Have you ever wondered what happened to the middle ranking characters in Shakespeare plays ? If it’s a comedy, the principal characters get married- Beatrice and Benedick, for example. And if it’s a tragedy, they die- Hamlet in a duel, Macbeth in a brawl, Lear of shock and old age.
But what about the characters left behind. What kind of a marriage do Sir Toby Belch and Maria have ? What happens to Seyton ( or is it Satan ?) Macbeth’s sinister bodyguard ? Does Horatio just go back to being a university don after the death of his friend ?
I’ve been thinking about Rosaline, the girl Romeo is passionately devoted to- at least until he meets Juliet. What happened to her ? And just suppose Romeo didn’t die of poison after all and….just suppose it all happened in the 21st Century…just suppose….
Have a look at this poem and let me know what you think….
We’re very comfortable- he’s a lawyer,
a specialist in conflict resolution. Senior partner
at Montague and Capulet. The old man died
ten years ago but still he kept the name.
I wish he wasn’t so fastidious.
At first we thought of moving from Verona
but we were brought up here-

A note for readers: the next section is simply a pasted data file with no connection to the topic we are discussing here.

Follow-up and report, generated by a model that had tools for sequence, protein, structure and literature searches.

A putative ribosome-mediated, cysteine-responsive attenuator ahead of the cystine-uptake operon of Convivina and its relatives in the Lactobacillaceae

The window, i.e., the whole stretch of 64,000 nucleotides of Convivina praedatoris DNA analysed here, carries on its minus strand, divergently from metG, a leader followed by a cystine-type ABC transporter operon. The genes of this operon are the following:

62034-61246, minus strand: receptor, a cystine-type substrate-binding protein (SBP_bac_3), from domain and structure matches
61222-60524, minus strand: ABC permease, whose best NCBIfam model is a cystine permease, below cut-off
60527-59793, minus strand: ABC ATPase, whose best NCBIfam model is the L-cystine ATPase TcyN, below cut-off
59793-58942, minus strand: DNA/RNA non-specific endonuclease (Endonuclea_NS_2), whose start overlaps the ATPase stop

childhood sweet hearts you might almost say.
I find that I still hate her, which is strange
for thirty years have gone and I’m not prone to hate.
A leggy girl with eyes like bright jade chips
and hair- I envied her the hair- a cloud
of red gold sparks where mine was merely black.
She grabbed love from him like a greedy child
while I held back, not daring to believe
that everything he said, he meant.
That business at the tomb- the poison bottle-
I shudder when I think of it.
That first night in the hospital. His skin
corpse cold. And later the long months
of therapy at that clinic in the Alps.
Then he was good as new- almost.
We married- it was a kind of reflex action.
No talk of love-it was an understanding-
something altogether more reliable.
He’s gentle and considerate-. Separate bedrooms.
That side of things was always a formality.
He sees his Roman mistress once a month
and I pretend a placid ignorance.
In thirty years we’ve only argued once-
in the clinic after I’d given birth
to our only child- a daughter.
Weeping, he begged to call her Juliet
but I refused. She has my mother’s name.
He drives into the office every morning
the house is left to me- it’s my domain.
A cook and gardener see to all my needs.
We have a small apartment in Geneva
and fly off to the Maldives every summer.
By the way, Susan Daniels has written a cracking Ophelia poem. Punchy, economical, it brings Ophelia into the present day. You can find it here: